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10 things you need to know before European markets open

10 things you need to know before European markets open
Finance2 min read
North Korean leader Kim Jong Un is hugged by children during his visit to Samjiyon County in this undated photo released by North Korea's Korean Central News Agency (KCNA) in Pyongyang November 28, 2016.    Reuters

Good morning! Here's what you need to know.

Uber is pushing back against the EU. It defended its business model in Europe's highest court on Tuesday, saying its service had made it easier for people to get around and cut pollution as it fights a case which could leave app-based startups facing tougher regulation.

Germany is pinning its hopes on Fillon. Finance Minister Wolfgang Schaeuble praised the economic program of French presidential contender Francois Fillon and said he hoped the conservative candidate's far-right rival Marine Le Pen would never become president.

The UK will talk to other EU leaders about Brexit. Britain cannot begin negotiations with the European Union until it has triggered the formal exit procedure but it can have discussions with the leaders, a spokesman for Prime Minister Theresa May said.

Germany takes over the presidency of the G20. It happens on Thursday, a platform Chancellor Angela Merkel wants to use to safeguard multilateral cooperation under threat following Donald Trump's US election victory.

France has a tough line on Russia. French Foreign Minister Jean-Marc Ayrault said that lifting European Union sanctions on Russia would weaken efforts to resolve the Ukraine crisis and hand a victory to Moscow.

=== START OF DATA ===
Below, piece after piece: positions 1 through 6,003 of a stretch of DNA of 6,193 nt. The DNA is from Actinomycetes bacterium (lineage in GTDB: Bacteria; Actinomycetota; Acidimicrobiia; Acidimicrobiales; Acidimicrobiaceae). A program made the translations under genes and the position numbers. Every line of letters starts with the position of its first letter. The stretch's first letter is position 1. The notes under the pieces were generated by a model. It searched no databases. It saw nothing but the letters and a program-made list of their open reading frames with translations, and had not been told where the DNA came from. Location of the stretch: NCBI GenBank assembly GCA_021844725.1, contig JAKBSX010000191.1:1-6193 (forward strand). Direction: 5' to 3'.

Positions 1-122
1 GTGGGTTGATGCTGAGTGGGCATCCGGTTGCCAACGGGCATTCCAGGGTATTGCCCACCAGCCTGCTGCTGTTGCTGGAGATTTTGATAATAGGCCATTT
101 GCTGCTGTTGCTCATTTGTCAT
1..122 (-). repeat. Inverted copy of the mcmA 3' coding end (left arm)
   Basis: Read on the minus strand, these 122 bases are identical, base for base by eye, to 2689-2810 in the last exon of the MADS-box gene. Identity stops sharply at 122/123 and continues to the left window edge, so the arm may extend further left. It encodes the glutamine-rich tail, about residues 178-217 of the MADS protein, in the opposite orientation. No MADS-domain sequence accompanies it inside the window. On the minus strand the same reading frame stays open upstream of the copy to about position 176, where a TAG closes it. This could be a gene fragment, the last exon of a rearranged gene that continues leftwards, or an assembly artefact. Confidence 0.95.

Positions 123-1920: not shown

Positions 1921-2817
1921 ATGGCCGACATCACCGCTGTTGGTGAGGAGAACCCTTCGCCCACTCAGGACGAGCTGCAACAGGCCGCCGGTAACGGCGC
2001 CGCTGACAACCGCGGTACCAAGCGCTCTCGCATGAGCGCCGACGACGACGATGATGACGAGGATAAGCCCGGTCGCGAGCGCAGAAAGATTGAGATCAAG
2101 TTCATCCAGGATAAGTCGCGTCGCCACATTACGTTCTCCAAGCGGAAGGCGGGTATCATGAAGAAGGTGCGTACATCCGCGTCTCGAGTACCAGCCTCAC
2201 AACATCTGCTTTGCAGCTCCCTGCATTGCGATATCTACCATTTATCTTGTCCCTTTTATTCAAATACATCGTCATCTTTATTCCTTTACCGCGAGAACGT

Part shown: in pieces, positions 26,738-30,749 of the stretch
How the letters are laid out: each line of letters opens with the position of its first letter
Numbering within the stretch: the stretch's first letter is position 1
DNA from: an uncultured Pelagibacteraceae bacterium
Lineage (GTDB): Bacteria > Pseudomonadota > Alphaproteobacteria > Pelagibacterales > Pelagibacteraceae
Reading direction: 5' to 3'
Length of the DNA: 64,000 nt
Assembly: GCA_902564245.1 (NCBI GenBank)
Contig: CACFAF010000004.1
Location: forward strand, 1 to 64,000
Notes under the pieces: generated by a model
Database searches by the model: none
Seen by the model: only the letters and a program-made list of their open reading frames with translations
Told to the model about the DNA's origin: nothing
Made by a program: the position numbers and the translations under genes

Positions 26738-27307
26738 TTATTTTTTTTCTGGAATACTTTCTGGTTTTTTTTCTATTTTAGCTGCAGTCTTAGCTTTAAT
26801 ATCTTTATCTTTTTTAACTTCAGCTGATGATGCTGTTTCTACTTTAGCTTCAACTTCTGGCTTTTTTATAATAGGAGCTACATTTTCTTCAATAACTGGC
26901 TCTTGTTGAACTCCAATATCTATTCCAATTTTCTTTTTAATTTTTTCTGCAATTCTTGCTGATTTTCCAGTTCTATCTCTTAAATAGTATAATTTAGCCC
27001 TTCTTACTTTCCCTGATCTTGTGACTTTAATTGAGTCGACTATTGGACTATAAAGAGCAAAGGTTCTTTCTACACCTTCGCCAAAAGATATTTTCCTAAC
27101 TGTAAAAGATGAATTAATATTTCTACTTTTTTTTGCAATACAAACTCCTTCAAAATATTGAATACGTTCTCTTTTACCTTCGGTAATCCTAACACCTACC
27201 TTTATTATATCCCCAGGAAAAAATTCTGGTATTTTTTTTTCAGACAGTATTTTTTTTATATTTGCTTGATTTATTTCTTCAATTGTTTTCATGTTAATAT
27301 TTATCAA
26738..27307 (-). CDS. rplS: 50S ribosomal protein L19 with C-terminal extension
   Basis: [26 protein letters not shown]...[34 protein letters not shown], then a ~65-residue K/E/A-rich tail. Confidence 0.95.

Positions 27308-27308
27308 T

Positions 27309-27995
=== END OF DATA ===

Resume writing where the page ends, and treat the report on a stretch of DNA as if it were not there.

The UK is closing a tobacco factory in Russia. Britain's Imperial Brands, the world's fourth-biggest tobacco company, will shut one of its two Russian factories in January, it said on Tuesday, citing increased taxes and the impact of changes to sales regulations.

The US economy grew faster than expected. Gross domestic product increased at a 3.2% annual rate instead of the previously reported 2.9% pace, the Commerce Department said in its second GDP estimate on Tuesday.

Business minister Greg Clark said the British government was "unashamedly pro-business." But that he wanted to strengthen existing corporate governance structures to avoid damaging public trust in the private sector.

Electric car stations are coming to Europe. German carmakers BMW, Daimler, Porsche and Audi and US competitor Ford said they would cooperate on a Europe-wide network of electric charging stations.

The EU reacted to THAT memo. Luxembourg Prime Minister Xavier Bettel said Britain cannot "have its cake and eat it," as the government in London distanced itself from a memo including the aim to have the best of both worlds from Brexit.

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